“Today, companies like Wesfarmers are Wesfarmers, not Richard Goyder. The scale of companies has moved beyond the characters that were playing a private game.”


Rebuilding after a lifechanging event

Mark Pownall - Comment


Stockbroker Ian Parker reckons he was scarred by the experience of 1987; that the evaporation of his newfound wealth and his early understanding of how investment worked affected him for the rest of his life.

In the two decades since, he’s rebuilt his wealth and career, ironically turning to broking in the wake of the ’87 crash.

Mr Parker said he’s done that with a cautious approach to investment and debt which has resulted from the impact of that day 20 years ago.

“We are a little like that generation that lived through the depression,” he said, recalling an older generation that learned through much greater hardship to avoid debt.

But Mr Parker thinks being too conservative could be the wrong mindset in this boom.

“I worry that people like me are too debt averse, too cautious,” he said.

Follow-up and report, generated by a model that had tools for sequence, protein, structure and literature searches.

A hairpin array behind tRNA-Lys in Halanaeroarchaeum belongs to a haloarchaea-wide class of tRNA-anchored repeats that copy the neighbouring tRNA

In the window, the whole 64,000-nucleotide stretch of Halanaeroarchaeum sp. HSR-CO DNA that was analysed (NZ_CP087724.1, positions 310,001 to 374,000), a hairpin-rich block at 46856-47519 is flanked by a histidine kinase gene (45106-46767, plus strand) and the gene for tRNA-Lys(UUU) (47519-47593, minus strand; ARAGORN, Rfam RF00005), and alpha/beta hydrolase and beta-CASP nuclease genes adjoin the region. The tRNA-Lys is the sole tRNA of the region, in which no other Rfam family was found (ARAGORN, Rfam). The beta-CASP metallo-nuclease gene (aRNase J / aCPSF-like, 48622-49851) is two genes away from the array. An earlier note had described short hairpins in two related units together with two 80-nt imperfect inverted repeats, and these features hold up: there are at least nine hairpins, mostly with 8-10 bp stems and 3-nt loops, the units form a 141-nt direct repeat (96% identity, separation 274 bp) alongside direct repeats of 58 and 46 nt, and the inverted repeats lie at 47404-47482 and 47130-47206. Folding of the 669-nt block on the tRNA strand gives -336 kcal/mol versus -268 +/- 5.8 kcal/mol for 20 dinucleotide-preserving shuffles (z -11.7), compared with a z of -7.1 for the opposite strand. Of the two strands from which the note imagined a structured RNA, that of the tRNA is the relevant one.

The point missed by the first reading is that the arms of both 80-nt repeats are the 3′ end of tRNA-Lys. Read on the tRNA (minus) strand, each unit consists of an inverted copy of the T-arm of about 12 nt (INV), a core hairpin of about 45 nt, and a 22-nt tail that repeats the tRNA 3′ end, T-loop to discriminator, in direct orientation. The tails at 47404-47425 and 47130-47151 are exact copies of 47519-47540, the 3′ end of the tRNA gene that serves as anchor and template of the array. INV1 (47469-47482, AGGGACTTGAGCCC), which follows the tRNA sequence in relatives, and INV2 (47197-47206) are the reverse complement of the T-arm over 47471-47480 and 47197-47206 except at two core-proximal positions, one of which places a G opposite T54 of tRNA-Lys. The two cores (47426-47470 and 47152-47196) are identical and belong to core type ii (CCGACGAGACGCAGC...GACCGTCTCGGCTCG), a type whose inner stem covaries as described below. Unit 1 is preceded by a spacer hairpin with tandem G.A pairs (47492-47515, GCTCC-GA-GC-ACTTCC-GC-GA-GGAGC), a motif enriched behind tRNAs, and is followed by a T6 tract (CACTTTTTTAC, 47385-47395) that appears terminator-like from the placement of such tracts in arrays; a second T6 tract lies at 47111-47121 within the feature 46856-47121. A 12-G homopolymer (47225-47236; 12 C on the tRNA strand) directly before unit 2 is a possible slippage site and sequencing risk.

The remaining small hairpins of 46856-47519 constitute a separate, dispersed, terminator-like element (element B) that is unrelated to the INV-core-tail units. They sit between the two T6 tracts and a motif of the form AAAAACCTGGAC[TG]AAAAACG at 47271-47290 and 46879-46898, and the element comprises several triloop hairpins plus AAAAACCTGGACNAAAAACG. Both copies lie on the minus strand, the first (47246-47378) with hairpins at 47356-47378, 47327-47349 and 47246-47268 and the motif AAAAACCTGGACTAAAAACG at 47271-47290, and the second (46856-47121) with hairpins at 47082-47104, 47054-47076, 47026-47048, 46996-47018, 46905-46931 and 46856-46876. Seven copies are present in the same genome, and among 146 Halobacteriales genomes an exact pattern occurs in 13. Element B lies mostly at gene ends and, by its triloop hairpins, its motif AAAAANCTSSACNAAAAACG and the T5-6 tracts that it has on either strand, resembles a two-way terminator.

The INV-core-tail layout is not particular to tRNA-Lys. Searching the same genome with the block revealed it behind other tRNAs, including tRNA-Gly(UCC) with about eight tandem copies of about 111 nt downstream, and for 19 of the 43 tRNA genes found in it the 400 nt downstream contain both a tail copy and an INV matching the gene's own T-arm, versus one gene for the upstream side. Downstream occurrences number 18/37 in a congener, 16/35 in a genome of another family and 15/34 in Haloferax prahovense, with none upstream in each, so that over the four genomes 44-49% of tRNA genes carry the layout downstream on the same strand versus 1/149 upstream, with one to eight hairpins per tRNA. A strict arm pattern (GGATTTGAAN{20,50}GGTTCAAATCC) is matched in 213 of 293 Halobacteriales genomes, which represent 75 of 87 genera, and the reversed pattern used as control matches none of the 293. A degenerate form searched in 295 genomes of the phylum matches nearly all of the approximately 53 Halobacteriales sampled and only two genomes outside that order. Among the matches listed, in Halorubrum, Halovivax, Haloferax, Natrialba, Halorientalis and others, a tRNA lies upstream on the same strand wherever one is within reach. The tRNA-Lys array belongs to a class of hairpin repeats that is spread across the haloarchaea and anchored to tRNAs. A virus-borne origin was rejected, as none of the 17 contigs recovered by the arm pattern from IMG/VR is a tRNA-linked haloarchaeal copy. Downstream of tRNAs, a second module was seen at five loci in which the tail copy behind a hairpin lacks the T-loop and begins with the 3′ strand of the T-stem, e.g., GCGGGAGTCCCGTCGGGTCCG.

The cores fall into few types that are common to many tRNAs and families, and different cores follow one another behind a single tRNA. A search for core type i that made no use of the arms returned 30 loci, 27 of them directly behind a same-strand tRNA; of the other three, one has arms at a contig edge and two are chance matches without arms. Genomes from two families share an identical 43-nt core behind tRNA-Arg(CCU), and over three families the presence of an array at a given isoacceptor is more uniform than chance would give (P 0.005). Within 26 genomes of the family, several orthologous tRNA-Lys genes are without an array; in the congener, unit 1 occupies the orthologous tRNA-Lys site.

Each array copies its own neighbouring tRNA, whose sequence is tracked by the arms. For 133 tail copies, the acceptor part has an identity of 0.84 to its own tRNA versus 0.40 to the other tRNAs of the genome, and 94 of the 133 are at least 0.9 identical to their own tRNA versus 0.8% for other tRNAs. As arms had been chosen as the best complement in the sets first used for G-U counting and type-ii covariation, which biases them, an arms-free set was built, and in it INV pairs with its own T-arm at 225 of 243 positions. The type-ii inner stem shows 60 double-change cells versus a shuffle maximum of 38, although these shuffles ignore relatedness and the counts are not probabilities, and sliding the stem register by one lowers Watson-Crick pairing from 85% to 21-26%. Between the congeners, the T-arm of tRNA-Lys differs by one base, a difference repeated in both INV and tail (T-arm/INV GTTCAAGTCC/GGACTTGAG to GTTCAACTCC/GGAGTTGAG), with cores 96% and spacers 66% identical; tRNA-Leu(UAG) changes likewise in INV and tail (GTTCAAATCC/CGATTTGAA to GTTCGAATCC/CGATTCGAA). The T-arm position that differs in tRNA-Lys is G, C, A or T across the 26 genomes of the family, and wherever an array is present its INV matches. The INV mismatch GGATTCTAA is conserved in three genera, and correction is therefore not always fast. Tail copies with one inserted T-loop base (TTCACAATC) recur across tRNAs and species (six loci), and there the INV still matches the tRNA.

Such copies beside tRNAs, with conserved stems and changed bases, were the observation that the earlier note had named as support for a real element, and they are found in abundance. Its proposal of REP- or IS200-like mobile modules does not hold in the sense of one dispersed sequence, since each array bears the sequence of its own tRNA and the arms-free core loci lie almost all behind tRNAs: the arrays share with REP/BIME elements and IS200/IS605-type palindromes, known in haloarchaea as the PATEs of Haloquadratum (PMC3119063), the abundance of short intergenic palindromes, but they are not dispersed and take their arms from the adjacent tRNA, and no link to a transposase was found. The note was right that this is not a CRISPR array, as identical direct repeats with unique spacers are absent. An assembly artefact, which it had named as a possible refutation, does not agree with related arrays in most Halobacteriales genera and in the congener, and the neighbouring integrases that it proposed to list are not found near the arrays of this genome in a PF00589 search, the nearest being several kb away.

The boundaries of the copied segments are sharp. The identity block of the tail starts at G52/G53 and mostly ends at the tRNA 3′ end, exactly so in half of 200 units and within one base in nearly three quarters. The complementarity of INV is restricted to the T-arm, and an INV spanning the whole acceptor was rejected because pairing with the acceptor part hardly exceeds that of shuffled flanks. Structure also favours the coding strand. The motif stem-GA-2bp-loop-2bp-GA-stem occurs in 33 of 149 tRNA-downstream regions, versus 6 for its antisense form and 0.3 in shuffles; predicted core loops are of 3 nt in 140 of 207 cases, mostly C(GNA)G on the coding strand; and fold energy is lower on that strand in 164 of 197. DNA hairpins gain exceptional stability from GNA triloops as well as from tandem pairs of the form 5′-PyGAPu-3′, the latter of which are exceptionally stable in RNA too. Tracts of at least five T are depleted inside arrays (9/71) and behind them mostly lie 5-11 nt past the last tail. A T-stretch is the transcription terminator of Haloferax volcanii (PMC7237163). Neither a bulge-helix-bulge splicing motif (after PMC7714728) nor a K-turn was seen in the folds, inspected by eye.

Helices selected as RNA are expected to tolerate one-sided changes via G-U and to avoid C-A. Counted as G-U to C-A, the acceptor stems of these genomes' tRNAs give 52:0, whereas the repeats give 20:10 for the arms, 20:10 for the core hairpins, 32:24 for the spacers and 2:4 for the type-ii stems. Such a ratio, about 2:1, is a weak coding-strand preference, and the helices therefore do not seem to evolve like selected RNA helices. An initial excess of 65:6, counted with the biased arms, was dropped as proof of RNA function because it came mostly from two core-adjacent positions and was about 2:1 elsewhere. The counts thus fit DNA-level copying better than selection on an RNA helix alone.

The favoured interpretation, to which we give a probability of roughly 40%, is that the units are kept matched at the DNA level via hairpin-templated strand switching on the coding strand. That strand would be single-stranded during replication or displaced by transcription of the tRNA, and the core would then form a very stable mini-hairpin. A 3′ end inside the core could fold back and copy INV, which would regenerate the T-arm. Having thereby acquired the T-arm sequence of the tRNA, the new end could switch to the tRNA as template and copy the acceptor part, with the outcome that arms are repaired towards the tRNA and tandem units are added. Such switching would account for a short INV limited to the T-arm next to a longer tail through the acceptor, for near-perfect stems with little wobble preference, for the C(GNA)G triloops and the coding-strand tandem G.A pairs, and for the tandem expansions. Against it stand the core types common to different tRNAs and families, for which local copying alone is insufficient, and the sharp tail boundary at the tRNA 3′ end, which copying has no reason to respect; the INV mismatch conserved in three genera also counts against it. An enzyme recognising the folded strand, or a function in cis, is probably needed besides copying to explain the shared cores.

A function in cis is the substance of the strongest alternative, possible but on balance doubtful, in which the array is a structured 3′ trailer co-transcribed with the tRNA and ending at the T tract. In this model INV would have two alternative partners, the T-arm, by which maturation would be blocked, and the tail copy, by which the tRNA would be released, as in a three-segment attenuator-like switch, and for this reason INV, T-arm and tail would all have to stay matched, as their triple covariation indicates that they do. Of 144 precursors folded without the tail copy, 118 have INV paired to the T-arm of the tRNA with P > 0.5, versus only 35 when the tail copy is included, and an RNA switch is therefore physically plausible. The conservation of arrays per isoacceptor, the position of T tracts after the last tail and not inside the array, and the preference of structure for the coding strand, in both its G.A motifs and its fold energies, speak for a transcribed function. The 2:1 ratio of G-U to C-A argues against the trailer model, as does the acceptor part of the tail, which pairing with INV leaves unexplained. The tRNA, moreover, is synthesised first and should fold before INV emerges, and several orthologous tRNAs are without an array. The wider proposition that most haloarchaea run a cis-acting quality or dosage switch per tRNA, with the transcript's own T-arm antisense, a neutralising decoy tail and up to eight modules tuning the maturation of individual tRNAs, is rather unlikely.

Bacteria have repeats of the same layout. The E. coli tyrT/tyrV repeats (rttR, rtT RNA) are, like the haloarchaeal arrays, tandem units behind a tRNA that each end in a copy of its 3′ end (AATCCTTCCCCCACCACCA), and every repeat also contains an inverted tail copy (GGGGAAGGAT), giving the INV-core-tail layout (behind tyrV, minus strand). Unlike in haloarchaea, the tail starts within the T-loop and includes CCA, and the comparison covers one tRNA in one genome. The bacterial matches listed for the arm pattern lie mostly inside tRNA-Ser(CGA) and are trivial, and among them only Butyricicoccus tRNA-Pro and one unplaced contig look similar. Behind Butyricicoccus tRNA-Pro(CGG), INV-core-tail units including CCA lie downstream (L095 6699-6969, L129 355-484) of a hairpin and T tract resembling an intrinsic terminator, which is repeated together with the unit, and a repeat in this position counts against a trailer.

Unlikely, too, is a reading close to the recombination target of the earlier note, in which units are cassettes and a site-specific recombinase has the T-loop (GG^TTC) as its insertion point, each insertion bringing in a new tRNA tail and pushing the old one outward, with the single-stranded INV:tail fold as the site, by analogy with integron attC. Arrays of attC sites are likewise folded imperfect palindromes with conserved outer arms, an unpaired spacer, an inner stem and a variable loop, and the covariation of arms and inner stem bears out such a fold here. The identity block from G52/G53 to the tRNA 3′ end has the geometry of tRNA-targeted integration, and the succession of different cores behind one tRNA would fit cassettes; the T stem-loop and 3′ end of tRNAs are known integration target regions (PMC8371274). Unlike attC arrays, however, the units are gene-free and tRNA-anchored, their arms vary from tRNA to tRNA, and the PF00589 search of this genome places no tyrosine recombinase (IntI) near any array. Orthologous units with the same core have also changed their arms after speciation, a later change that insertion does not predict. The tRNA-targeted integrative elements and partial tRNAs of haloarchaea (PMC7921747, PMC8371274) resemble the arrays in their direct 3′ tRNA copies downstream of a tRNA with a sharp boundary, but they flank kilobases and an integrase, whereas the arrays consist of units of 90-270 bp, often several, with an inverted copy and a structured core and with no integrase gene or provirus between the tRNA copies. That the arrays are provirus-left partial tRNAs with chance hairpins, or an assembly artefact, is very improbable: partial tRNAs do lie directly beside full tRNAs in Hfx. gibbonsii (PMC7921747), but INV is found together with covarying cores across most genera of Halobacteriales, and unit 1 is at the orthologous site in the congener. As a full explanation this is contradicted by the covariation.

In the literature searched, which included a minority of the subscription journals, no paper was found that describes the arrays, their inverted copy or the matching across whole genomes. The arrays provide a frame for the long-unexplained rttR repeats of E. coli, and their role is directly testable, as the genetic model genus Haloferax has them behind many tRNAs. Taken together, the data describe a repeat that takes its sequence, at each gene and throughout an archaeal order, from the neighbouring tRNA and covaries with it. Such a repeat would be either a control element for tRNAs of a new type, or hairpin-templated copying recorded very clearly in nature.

“You don’t actually get rich if you don’t take a risk.”

Wise words indeed.

Many of those in the financial world will remember those days. The scars are different for everybody.

I know a few families who lost everything, their paper profits turning to dust and, in one or two cases, their bank foreclosing on their property at times of record interest rates. Their lifestyles, relaxed and comfortable rather than outrageous or over-the-top, simply disappeared.

We didn’t really talk about that stuff, but we quietly sympathised.

Personally, the ’87 crash was a watershed moment. I had just secured my first job, in a finance company in West Perth, and planned to continue my studies part time while making the most of the opportunity booming Perth had to offer.

Within two days of the crash that job had gone and I had a new opportunity – to reconsider my own future.

In hindsight, it was a blessing in disguise. I had little to lose at that moment in my life and, having watched those around me lose money, I chose to redirect my energies towards becoming a journalist.

As a reader, you can decide whether that was a good thing or not.

However, such choices have their costs. Despite many years exposure to an entrepreneurial environment – initially with family and most recently here at WA Business News – I have also felt cynical about how long this boom can last.

Then again, maybe that’s just what being a journalist is all about.